I later learned to say “tidak terima kasih, saya sudah punya sopir” which means “no thank you, I already have a driver”, which seemed to do the trick, so if you plan to visit Indonesia at all, it’s probably worth learning. Taxi drivers everywhere in the country can be fairly forceful in their approach.
On the Road
Sinking into the soft cool pleasure of an air conditioned bus, I asked my guide how long the journey would be to our accommodation. Smiling wryly, an expression I caught myself using around a year later, he shrugged.
“Listen,” he told me, “Traffic in Jakarta can be difficult.”
He wasn’t lying.
The 34 km trip to Countrywoods Residences took close to two and a half hours. On a positive note, it was an excellent opportunity to look out of the window and see the world that I had agreed to live in for two years. And it gave me plenty of time to wonder what on earth I was doing coming to live in a place like this.
The first thing I noticed was of course the traffic – as we lovingly refer to it in Indonesia, macet – which moved at the pace of sludge attempting to squeeze its way through a worm-hole. The lack of order in the traffic jams was unbelievable. Road lines were meaningless as were any rules of the road I’d ever seen followed in the UK. Cars, buses, trucks carrying hundreds of live chickens, motorcycles carrying entire families jostled and squeezed for space. The only rule appeared to be that if you see a space, it is absolutely vital that you squeeze into it whatever the cost. This rule also applies to the game of “macet walking” that I enjoy playing in airports, which is basically that if you see a space, you have to move into it in whatever means possible. Of course, the difference with macet walking and actual macet it that when you macet walk, you actually stand a chance of getting somewhere else relatively soon. Jakartan macet rarely moves. Which is excellent for crossing roads.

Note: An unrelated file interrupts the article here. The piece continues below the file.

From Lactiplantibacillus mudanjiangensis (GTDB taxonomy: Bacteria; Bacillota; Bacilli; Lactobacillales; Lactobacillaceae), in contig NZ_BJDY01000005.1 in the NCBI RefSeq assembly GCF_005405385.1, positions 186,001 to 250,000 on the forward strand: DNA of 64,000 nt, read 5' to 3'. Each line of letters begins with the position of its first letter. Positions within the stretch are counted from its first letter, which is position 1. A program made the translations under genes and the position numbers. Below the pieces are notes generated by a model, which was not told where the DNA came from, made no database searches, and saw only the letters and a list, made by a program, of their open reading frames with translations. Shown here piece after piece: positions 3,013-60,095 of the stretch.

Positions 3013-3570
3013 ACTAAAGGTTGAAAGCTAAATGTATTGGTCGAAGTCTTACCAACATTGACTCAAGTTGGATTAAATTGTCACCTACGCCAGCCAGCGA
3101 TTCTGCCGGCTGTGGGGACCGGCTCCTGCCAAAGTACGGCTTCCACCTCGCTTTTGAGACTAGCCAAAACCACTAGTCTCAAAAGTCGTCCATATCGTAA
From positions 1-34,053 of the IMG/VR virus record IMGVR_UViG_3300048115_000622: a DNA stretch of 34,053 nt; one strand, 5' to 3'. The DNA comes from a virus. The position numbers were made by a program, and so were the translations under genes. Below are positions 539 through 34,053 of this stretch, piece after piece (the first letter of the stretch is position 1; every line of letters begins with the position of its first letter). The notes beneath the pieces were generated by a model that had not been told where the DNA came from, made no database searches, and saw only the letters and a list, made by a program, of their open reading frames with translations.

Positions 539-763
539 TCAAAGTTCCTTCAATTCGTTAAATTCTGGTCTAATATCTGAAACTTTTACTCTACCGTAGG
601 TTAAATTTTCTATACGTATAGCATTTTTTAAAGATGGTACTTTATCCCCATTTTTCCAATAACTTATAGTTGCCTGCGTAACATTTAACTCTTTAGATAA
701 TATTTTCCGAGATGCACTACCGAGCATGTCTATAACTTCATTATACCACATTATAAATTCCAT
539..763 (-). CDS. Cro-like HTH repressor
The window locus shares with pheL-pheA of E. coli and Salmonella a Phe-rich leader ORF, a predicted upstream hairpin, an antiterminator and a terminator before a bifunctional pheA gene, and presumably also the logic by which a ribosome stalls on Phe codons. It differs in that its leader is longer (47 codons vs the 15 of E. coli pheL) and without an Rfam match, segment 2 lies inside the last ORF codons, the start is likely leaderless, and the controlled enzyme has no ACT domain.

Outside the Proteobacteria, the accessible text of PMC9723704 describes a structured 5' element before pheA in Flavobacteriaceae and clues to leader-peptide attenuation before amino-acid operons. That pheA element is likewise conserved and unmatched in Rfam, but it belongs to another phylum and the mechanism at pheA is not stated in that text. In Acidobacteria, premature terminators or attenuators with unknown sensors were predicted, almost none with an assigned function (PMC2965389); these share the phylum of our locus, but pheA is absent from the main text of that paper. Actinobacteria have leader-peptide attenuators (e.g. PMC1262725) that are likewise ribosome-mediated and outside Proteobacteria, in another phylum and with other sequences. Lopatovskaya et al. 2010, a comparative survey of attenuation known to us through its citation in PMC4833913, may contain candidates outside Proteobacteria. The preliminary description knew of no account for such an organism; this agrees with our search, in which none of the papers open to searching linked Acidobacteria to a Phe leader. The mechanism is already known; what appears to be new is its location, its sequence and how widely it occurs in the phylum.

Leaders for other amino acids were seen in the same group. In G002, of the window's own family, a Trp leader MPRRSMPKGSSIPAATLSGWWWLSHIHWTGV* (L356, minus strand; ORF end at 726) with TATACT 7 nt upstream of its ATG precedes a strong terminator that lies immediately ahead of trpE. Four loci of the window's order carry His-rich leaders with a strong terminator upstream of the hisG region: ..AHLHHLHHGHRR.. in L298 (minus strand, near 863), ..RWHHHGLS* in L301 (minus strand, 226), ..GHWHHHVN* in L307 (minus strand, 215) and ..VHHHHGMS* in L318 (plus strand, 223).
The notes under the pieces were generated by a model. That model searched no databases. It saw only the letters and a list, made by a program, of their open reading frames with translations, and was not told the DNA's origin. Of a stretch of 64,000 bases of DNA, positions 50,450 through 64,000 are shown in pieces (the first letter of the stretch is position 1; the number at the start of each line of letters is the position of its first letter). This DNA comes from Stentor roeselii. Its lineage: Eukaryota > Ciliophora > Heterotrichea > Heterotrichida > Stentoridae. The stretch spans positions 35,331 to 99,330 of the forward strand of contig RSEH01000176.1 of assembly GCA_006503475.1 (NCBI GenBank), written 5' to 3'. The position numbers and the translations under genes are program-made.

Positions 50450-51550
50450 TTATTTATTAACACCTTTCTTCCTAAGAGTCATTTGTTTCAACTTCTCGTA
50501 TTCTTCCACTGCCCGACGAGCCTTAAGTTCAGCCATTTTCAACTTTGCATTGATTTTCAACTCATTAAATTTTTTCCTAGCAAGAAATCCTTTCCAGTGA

The soundtrack to this traffic is the relentless blaring of horns. Again, this sound would later form the backdrop of the entire Jakarta experience. After a few years, you begin to block it out, but having re-experienced silence, it always slightly grates on immediate return.
On that day, my eyes drank in the sights greedily with a tinge of foreboding. There were people everywhere, sitting in unexpected places, carrying odd things, staring at everything that went by. That journey took us by some fairly poor neighbourhoods and I felt ashamed of my comfort in the face of their poverty. Houses that we passed seemed to consist of one small room with the occasional mattress and the obligatory tv. Food took precedent over space in most neighbourhoods. Small wartegs (one small room food spaces usually selling one particular dish) or kaka lima (translating to ‘five feet’, these pushable carts had space to cook a dish such as martabak and to be moved wherever the trade might best be captured) occupy much of the available roadside spaces in densely inhabited neighbourhoods.
Pavements don’t really exist in Jakarta – only really seen in the most stylish areas – but open drains characterise the sides of the roads. This adds to the unique scent of Jakarta as well as providing handy points to fall in and injure yourself in the dark. Potholes are everywhere, causing accidents and filling with water during rainy season.
We saw all of these on that first journey, but they only became characteristic features later.
Four years later, I realised that I still didn’t have a clear sense of the geography of Jakarta, so it’s unsurprising that everything was confusing that day. It is a city that somebody picked up and threw at the land. There appears to be no rhyme nor reason behind its structure, no functional reasons why things are where they are. And there aren’t many ways to navigate it particularly well.
I have much, much more to tell you about Jakarta – it was my home for four years – and though this particular piece highlights some of the more bewildering points, further articles will demonstrate some of Jakarta’s more endearing and glittering features.
The Big Durian is a fairly apt description. The durian smells like rotten garbage while resembling something that fell out of a dragon’s bottom, but if you are brave enough to hold your nose and take a bite, the result is surprisingly sweet.